Mixture Effects in Shell-and-Tube Condensers. Theory and Calculations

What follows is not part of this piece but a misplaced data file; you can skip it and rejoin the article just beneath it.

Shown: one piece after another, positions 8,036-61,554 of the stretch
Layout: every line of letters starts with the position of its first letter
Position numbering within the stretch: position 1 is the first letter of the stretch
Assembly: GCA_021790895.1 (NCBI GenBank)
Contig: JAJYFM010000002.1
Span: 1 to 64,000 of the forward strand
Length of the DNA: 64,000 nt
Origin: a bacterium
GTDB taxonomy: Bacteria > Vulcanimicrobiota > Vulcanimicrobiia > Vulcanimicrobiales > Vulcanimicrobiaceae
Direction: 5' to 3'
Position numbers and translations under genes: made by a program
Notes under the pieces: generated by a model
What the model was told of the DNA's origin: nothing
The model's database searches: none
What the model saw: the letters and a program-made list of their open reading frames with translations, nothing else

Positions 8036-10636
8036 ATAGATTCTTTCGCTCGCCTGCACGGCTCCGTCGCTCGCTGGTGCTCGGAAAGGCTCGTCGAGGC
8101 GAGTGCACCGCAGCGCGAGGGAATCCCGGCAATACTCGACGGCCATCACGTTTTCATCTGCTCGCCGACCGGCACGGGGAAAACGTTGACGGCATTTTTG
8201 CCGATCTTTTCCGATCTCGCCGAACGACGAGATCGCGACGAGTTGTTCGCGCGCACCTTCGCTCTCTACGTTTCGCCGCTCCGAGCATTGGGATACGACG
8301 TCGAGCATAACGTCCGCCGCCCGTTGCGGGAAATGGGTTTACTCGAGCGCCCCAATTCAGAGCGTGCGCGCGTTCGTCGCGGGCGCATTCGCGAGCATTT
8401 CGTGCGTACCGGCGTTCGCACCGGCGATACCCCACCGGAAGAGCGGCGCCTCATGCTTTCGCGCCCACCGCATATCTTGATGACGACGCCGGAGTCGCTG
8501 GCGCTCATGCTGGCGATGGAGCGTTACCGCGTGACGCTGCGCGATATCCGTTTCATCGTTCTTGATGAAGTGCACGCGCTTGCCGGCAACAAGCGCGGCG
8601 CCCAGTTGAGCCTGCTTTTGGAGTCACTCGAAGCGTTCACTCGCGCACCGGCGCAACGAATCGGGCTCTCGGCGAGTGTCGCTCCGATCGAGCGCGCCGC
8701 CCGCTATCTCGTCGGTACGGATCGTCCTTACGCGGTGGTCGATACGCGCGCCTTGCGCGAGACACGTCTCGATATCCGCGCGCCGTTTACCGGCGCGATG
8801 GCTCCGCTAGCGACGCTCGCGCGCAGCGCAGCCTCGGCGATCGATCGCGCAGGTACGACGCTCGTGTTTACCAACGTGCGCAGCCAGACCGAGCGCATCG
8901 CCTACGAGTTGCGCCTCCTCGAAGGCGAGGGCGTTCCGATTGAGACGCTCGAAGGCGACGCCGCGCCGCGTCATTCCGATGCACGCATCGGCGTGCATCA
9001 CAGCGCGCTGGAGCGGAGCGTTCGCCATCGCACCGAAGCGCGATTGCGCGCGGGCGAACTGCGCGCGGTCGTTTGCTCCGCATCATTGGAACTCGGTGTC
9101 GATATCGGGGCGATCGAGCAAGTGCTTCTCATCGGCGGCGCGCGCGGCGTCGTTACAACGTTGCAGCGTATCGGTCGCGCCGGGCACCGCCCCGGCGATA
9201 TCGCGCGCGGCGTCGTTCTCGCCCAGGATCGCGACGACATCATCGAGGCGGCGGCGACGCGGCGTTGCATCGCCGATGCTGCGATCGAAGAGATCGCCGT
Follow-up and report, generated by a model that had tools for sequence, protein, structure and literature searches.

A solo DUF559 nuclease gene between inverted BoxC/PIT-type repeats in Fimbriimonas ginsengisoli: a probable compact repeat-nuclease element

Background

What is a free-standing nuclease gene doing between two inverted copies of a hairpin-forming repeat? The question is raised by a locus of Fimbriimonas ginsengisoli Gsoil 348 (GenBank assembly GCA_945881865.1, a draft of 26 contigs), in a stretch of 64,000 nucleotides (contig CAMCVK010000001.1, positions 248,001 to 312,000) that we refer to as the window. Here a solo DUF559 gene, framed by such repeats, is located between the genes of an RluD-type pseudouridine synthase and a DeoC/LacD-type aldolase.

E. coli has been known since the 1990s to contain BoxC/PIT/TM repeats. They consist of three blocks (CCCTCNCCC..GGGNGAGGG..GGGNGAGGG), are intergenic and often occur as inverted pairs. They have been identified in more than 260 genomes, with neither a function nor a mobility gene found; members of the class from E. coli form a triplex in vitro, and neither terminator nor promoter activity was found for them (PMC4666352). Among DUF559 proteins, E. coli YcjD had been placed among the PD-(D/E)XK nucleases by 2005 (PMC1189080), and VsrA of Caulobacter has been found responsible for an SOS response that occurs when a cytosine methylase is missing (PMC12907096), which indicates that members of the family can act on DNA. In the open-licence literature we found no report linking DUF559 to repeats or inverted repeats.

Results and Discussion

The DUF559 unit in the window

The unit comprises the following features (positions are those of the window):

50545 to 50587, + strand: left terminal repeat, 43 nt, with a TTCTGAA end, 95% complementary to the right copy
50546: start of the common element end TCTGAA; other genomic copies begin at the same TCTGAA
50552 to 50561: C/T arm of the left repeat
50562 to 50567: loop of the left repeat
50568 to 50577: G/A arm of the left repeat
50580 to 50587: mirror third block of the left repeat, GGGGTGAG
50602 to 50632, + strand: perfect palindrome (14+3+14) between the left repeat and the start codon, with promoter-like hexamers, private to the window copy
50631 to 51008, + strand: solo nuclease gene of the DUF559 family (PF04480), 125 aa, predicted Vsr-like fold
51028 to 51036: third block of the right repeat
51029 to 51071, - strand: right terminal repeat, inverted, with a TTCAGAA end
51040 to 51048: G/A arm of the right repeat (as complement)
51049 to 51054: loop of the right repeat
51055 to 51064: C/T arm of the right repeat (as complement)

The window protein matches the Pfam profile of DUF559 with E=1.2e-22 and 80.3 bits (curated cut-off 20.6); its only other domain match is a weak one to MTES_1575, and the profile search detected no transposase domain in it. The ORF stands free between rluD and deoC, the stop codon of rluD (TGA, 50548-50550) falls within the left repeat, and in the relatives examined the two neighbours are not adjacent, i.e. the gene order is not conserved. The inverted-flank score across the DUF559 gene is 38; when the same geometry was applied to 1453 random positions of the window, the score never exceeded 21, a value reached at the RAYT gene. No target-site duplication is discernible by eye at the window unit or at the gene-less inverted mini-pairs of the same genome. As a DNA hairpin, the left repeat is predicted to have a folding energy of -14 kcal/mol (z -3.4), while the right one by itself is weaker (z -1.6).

Abstract: Zeotropic mixtures have come into more frequent use as working fluids (refrigerants) in heat pumps and air conditioning equipment due to the phase-out of ozone-depleting substances. Substantial drop in performance for shell-side condensation in shell-and-tube condensers when replacing a pure fluid with a mixture has been reported in the literature. The aim with this work is to contribute to the understanding of the possible reasons and their relative importance for this performance drop. Factors investigated are mass transfer resistance and flow patterns, both in the gas phase and in the condensate phase.Three different calculation tools have been used in the investigations. Two are self-developed calculation programs. Both solve the transport equations in the vapour accurately, while one uses a simple assumption for the condensate phase, and the other solves the transport equations in the condensate accurately also. The third calculation tool is commercial CFD software. The first calculation tool has been used to simulate full-scale condensers. When comparing with experimental data, it turned out that the vapour-phase mass transfer resistance closest to the interface is not influential enough to explain the drop in performance. An additional assumption of imperfect condensate mixing is, however, influential enough to account for the drop in heat flux of sometimes up to more than 70%. The second calculation tool simulates a column with ten horizontal tubes. Calculation results show that mixing in the condensate by diffusion only is consistent with the performance drops observed. The resulting trends are similar to those obtained when simulating the full-scale condensers with the first calculation tool. The CFD software has been used in two different investigations. The first concerns the condensate flow in micro-scale on and between the tubes. The investigation was discontinued due to convergence problems. The other investigation concerns the vapour flow in the condenser. Flow field calculations have been carried out for a pure fluid and a binary mixture, and preliminary results show a significant difference in flow behaviour. However, with the calculated vapour flow field, the mixing of the condensate is less important, but the flow field of a mixture is important for the total heat flux. An adjustment to the inlet design resulted in an up to 24% higher heat flux. The resulting drop in performance for a mixture compared to a pure fluid is, however, not significant enough to account for the recorded performance drop. This leads to the overall conclusion that mass transfer resistance in the condensate is the most important factor to consider, but that gas-phase mass transfer resistance and flow patterns also need to be considered for mixtures.
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